The next landmark in elementary math is the concept of multiplication.

girl practising elementary math on chalkboard

Just like the coin example above, it is quite a simple concept to teach. Imagine a father teaching his daughter. It might go like this:

Father: Ok, let’s imagine that I’m going to give you, mommy (or mummy if you’re not in North America!) and nanna two chocolates each. So there’s two for mommy (laying down two chocolates), two for nanna and two for you. How many chocolates is that?

Daughter: (Counts them one through six). Six.

Father: That’s right! We are giving each person two chocolates. So three lots of two chocolates is six.

The above scenario could then be widened to talking about giving two people three chocolates each, and how many chocolates each person would get if you had six to share amongst three people. Soon, the concepts that 3 times 2 = 6, 2 times 3 = 6, 6 divided by 3 = 2 and 6 divided by 2 = 3 will start to become familiar to the child.

Multiplication tables

Learning the times tables doesn’t have to be boring! It should actually be fun.

There are a squillion different online resources available.

If you’d like a low-tech but effective solution, flashcards are great for starting off. Flashcards have the multiplication on one side (eg 4 X 3) and the answer on the other (12).

A child can progress through the flashcards for each times table in a three step process:

1. They read through the cards in order and use the answer on the back if they are not sure.

2. They go through the cards in order, and are able to answer them correctly and quite quickly – only occasionally needing to seek help from the back of the card.

3. You show random cards to them and see how quickly and correctly they get the right answer. Once they get to a point where they never make a mistake and can answer with instant recall they have mastered them and are ready to move to the next table.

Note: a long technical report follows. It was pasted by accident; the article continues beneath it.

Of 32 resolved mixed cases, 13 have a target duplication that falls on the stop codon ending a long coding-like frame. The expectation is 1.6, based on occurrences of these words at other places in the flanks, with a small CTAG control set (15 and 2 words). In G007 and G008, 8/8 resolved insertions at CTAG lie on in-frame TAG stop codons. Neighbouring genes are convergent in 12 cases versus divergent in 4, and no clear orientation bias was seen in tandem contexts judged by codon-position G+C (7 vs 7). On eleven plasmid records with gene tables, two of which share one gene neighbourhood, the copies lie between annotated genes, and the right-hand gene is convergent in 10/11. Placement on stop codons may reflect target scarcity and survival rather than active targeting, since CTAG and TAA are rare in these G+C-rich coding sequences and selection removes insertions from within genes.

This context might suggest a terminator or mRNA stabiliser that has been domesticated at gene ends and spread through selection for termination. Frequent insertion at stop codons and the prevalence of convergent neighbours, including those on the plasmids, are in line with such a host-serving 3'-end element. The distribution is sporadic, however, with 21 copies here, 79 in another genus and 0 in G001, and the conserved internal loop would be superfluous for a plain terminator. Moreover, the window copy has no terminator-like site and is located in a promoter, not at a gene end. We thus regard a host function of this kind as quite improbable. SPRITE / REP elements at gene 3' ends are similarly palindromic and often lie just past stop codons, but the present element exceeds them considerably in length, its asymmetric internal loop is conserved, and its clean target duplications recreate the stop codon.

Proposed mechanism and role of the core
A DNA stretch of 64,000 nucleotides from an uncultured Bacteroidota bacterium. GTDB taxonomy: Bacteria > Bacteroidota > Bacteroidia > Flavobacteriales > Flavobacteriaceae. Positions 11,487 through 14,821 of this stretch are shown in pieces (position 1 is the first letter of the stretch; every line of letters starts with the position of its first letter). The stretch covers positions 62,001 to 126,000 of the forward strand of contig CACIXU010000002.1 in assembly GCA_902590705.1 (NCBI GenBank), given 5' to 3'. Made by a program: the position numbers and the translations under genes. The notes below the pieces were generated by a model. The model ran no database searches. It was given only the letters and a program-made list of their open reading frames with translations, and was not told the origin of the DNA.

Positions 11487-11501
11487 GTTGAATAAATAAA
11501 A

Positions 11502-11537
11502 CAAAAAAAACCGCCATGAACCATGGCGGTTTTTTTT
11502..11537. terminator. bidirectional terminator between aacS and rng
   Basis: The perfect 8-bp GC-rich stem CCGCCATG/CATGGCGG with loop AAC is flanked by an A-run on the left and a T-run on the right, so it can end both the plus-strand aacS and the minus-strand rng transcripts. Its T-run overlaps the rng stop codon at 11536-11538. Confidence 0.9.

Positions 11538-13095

Step 3 is crucial – if done well it will be a chance for your child to show off their knowledge to you. If they amaze you with their speed and accuracy, they will love your delighted response. Therefore, when they start on a new times table they will be motivated to practise a lot with the cards to try to dazzle you once more.

However, if step 3 is an intimidating experience for the child, it will backfire. Mathematics has to be fun – the instant that your child feels it is a chore, or too hard for them, or scary, then you must pull back and make it fun again.

Making the learning competitive, if done in the right spirit, can lead to amazing results and can be a lot of fun. When you are motivated and inspired by trying to beat someone or beat a target you are so much more likely to put in extra work to improve.

One day it will dawn upon you that you have succeeded. Maybe your child will perform a sum in their head faster than you could believe possible, or you’ll be told by their teacher that they are amongst the best (or indeed the best) at elementary math in their class. Whatever the moment, it will be a great one – you will realise that your child has been given the perfect springboard for academic success and you’ll reflect on how fun and rewarding the journey has been.

Continue to resources for elementary math worksheets